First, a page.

How do you engage a community that doesn’t wish to be engaged?
Over the last few weeks the Meridian Public School District has conducted a series of meetings with various “stakeholders” in the district – students, district leaders, teachers and staff, faith-based leaders, government leaders, community leaders, parents and the general public.
We criticized the district last week for restrictions it placed on reporting the Oct. 25 public meeting. We applaud the district for lifting those restrictions for the Tuesday, Oct. 30 meeting, which was welcoming to all attending. Thank you.
We walked away with a greater empathy for the challenges faced by the Meridian Public School District as it works to address its F rating in the most recent assessment by the Mississippi Department of Education.
Around 20 thoughtful people attended Tuesday night’s public session, following a smilier session Oct. 25 that drew around 30 people. Because the earlier meetings were closed, we don’t know the number of people who attended those.
We do think, however, that of a city of around 40,000 residents, more than 50 people should want to make it a priority to hear about the challenges faced by the public school district, assets that can be used to overcome those challenges and what they might do to help.
Representatives of Impact Education Group, the consulting group from Hattiesburg hired by the district to help address its challenges, led attendees through an exercise discussing strengths and challenges and identifying priorities.
The public offered strengths such as: strong leadership; a record of producing athletes, principals, doctors and leaders; tradition; adequate resources; community partners; responsiveness to parents; caring parents; teacher development; its JROTC program; the Ross Collins Career and Technical Center; arts integration; motivated students; and responsiveness to problems.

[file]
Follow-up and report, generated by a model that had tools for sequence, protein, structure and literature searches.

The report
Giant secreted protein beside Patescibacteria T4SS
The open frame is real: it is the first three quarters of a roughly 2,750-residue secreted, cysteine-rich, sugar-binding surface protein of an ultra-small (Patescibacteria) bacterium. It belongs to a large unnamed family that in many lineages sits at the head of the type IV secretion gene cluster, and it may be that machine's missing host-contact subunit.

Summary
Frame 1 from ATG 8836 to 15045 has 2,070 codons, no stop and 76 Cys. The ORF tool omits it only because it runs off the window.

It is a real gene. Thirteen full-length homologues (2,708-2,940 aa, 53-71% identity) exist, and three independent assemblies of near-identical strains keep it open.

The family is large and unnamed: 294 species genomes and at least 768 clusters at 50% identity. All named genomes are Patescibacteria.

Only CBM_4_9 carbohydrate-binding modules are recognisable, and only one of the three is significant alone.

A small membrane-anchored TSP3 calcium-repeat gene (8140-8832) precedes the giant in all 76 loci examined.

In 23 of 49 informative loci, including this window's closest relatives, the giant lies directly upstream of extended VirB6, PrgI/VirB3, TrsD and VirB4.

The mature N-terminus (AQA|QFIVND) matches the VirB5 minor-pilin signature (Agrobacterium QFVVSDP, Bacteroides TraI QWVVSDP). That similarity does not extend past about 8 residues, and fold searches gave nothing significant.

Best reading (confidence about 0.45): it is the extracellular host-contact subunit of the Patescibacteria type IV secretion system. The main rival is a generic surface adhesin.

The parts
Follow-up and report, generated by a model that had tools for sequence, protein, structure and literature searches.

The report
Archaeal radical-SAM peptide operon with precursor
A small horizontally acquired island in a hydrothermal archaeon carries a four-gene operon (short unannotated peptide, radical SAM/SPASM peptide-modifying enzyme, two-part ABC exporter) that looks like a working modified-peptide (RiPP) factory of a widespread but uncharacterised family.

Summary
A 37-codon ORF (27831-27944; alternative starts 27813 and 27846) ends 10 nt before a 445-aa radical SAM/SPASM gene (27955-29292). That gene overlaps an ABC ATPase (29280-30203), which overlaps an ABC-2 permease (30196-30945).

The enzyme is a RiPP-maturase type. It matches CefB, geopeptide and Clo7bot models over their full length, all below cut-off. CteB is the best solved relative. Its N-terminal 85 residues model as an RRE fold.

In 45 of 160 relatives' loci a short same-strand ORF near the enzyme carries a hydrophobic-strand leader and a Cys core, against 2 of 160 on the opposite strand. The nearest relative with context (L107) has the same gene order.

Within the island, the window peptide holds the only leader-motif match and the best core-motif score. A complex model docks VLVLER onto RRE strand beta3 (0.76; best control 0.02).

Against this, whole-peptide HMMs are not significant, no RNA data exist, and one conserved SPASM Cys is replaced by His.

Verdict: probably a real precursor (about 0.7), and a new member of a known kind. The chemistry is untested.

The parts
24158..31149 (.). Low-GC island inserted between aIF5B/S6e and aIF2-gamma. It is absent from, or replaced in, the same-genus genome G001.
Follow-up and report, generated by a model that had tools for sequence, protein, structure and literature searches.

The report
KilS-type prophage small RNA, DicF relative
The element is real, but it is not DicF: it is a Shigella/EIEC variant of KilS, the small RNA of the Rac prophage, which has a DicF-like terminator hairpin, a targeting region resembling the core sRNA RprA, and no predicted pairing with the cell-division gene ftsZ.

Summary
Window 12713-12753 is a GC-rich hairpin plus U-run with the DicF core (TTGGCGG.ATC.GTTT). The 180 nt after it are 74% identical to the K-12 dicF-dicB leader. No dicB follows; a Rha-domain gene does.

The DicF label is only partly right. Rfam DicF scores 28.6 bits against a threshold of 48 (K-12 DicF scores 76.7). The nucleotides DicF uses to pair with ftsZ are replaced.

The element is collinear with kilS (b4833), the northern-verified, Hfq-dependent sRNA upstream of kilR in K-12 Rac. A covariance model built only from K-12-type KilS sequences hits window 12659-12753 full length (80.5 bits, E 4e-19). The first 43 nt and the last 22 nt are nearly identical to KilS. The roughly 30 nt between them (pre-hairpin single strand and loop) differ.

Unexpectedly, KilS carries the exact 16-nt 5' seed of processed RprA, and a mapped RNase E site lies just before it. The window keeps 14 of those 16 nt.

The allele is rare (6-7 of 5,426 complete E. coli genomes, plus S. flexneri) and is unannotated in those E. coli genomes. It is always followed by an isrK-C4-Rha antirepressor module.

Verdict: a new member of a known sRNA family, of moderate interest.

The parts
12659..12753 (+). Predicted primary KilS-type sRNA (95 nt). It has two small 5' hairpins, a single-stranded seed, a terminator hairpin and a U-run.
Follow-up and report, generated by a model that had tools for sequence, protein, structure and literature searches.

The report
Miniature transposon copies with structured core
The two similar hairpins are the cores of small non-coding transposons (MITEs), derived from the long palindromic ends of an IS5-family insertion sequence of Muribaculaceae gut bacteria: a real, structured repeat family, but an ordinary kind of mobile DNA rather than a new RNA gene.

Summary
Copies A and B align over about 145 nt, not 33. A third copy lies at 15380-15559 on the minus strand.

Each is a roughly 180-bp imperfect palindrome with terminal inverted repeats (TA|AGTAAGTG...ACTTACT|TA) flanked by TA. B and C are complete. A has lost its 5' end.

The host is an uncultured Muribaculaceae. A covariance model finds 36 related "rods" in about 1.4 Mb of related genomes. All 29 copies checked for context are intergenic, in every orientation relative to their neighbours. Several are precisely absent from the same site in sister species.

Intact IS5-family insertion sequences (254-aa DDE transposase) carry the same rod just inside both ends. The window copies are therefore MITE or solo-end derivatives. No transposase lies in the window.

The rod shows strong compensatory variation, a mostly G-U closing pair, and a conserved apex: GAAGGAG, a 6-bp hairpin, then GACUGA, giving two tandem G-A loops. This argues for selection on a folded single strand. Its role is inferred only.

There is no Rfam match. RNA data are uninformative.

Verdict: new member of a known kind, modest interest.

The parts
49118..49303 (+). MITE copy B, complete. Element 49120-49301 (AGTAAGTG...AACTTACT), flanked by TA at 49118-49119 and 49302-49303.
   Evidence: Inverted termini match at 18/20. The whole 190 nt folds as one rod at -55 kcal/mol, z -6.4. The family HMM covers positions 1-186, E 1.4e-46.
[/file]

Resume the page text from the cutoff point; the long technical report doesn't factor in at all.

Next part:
Stated challenges included: lack of parent involvement; lack of classroom control; overcoming past problems; recruitment and retention of qualified teachers; disrespectful students; low teacher salaries; loss of state aid; aging facilities; emphasis on testing; demands of the Justice Department Consent Decree put in place to correct the “school-to-prison pipeline;” and meeting demands of the state standards.
You may agree or disagree with those sentiments or take note of some of the contradictions, but that means little if you don’t participate in the discussion and, more importantly, the solution.
We’ve noted earlier this community’s propensity for dwelling on the negative, staying home and taking shots through social media rather than becoming active and making this a better place. The more openness among leaders, the more participation by all, the better we’ll be.
One mother mentioned her child felt looked down upon by people who lived in the Lauderdale County School District. That’s not an unusual experience. For sale signs linger on city lawns and flight to the county is encouraged.
That is a shame.
Struggles with the grading system aside, we have reported frequently about the good things happening in Meridian Schools, including innovations by new leaders to improve grades; programs to engage parents; volunteers reading in the schools; Golden Apple teachers of the month; the Any Given Child Initiative; success stories of the music, arts and athletic programs; and the list goes on.
Yes, there are disruptive students who need to be addressed before they chase more good teachers away, but there are tenfold more bright and talented students we’ve encountered who are polite, respectful, helpful and engaging.
Facilitators Tuesday night asked the public to identify the component of the school’s strategic plan that was most critical to address. The consensus landed on developing highly effective personnel and engaging the community as top priorities.
We wouldn’t disagree, especially on community engagement.
An F rating should be considered a call for help that we all should answer.
It may seem appropriate to point fingers of blame for the district’s failings at its leadership or staff. That goes with the territory. But an apathetic and uninvolved public can share part of that responsibility.
The district leadership has done the right thing by involving many different groups in working toward a solution. We encourage the district to continue to involve the public and remain open.
We ask district residents to answer that call for help – participate in a survey, visit a school, attend a board meeting, listen to a concert, watch a play or a game, write a note, volunteer your time, donate your money.
Care enough to become involved and make a difference.